The new European General Data Protection Regulation goes into effect next May, with onerous notification requirements and high penalties, but a year might not be enough for firms to get ready.
Recent surveys show that most companies are not prepared for the regulations. According to a recent SailPoint survey, 80 percent see GDPR as a priority, but only 25 percent have an established plan. Gartner estimates that the majority of all companies affected by GDPR will still not be in compliance at the end of 2018.
The general idea behind the law isn't new, he said. Europe has long had a tradition of data protection.
"However, through the GDPR, the European Union has added a great deal of detail and greater enforcement and greater expectations for data protection," he said.
In addition, companies must have a Data Protection Officer, notify authorities without 72 hours of discovering a data breach, and delete private data of customers and employees on request.
All of these pose their own unique challenges.
The Data Protection Officer, for example, is a company employee, but answers to regulators.
"In the United States, this is a very very unusual idea," Wright said. "You hire someone and that someone has an obligation to be talking to a regulator and telling a regulator what the regulator wants to know."
If a company wants to replace its Data Protection Officer, or reprimand or demote them, there will be some obstacles in the way, he added.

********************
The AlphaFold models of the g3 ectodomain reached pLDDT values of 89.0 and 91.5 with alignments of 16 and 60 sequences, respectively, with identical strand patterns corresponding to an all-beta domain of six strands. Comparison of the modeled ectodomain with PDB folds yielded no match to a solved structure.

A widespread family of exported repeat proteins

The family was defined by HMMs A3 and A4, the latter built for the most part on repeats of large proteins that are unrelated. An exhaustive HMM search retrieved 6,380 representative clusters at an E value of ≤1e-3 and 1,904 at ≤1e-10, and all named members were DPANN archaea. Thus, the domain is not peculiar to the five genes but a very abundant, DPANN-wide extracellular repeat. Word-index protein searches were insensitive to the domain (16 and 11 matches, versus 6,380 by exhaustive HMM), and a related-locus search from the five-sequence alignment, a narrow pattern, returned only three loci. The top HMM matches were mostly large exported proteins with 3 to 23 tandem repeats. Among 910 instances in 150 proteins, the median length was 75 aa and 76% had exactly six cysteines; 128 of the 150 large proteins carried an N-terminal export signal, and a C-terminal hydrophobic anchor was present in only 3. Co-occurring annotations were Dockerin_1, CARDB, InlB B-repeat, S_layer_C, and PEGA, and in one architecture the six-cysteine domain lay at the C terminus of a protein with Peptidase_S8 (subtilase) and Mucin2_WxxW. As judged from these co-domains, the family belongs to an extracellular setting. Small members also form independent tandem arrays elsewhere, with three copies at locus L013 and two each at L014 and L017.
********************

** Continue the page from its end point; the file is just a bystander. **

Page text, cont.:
"They can claim that they were retaliated against because they were doing their job of cooperating with the regulators," he said. "I my experience, it's a unique challenge in employee governance in Western countries."
Who is affected?
In general, any company that has users in Europe should comply with the new regulations, including online companies with no physical presence in the region. However, some aspects of the law vary based on size of company, types of data collected, where the data is kept, and other factors.
For example, not every company needs to have a Data Protection Officer, said Wright, only larger ones -- but it's not yet exactly clear what the size cut-off is.
Breach notification and penalties
The heart of the law is the breach notification requirements. US companies are already familiar with breach notification because most states have some form of it on their books.
However, GDPR goes a lot further.
Companies are required to report a breach within 72 hours of discovering it. That means that companies have just three days to determine the scope of a breach and whether any sensitive data was lost.
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